Scientologists protest at Ahern talks 'snub'
TAOISEACH Bertie Ahern has angered the Church of Scientology by "snubbing" it in the official church-state dialogue process.
As part of his attempt to combat "aggressive secularism" in Irish society, he issued invitations to Catholic bishops, the Church of Ireland, the Jewish Chief Rabbi and Muslim leaders to take part in multi-faith talks.
But the Church of Scientology, which counts film stars such as Tom Cruise and John Travolta among its members, was left out.
According to documents obtained under the Freedom of Information Act, its Irish representative Gerard Ryan, wrote a letter of protest to Mr Ahern asking whether this had been a "pointed snub".
"Perhaps this was simply an error of omission, and if so, I apologise for any inference I may have inadvertently made.
"However, if our church was deliberately not invited I would greatly appreciate if you would tell me why," he wrote.
A spokesman for Mr Ahern wrote back in March last year to say that the letter would be brought to his attention -- but there was no further communication with the church.
The scientologists had previously sent a DVD entitled 'This is Scientology' to Mr Ahern's department and offered to meet officials at any convenient time to discuss "issues of mutual concern".
It says "the aims of our Church include the creation of a civilisation without war, crime or insanity, and whilst such an apparent utopia may seem unduly optimistic, nevertheless we have achieved some expertise in the handling of such issues."
The Church of Scientology claims to have millions of members across the world, but critics have accused the organisation of financially exploiting its members by charging them fees to access information and resources.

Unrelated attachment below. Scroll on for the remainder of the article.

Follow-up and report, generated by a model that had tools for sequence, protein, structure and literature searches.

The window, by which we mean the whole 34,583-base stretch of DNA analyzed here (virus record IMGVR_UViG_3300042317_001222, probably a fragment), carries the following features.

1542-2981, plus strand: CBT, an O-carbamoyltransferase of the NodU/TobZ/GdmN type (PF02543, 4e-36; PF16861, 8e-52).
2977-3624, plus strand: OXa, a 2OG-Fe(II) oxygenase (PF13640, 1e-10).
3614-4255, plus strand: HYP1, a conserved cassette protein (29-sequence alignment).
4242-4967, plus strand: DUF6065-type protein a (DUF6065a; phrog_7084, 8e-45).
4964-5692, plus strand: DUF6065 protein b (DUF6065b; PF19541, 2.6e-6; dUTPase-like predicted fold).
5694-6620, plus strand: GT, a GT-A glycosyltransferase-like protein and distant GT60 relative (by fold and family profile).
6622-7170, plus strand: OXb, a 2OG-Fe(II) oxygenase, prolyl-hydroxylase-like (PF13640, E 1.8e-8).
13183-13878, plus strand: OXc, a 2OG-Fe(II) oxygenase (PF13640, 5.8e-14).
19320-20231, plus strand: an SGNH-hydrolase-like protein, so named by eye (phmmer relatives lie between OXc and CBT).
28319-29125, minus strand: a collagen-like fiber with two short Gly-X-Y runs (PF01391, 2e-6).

Mr Ahern set up the church-state dialogue process after a highly publicised speech in 2005, in which he condemned "aggressive secularism" for marginalising the role of religion in society. He invited the leaders of 15 Christian churches as well as Jews, Muslims, Baha'is and humanists to Dublin Castle for the launch last year.
The FOI request for letters sent to Mr Ahern's department also revealed that the Cork Muslim Society attempted to enlist his help in getting a permanent mosque in the city. Its vice president Dr FW Radwan, pointed out that it had to use a rented premises for its 5,000 members.
Mr Ahern received a letter from Archbishop Brady of Armagh last June congratulating him on his re-election as Taoiseach.
He also received a personal letter from Bishop Edward Daly, perhaps best known for his role in helping the wounded on the day of Bloody Sunday in Derry in 1972.
He thanked Mr Ahern for his visit to the cross-community Foyle Hospice in Derry last year and his "major and significant role" in the peace process.
According to the correspondence, Archbishop of Dublin Diarmuid Martin wrote to Mr Ahern to invite him to attend Mass to mark World Peace Day on New Year's Day.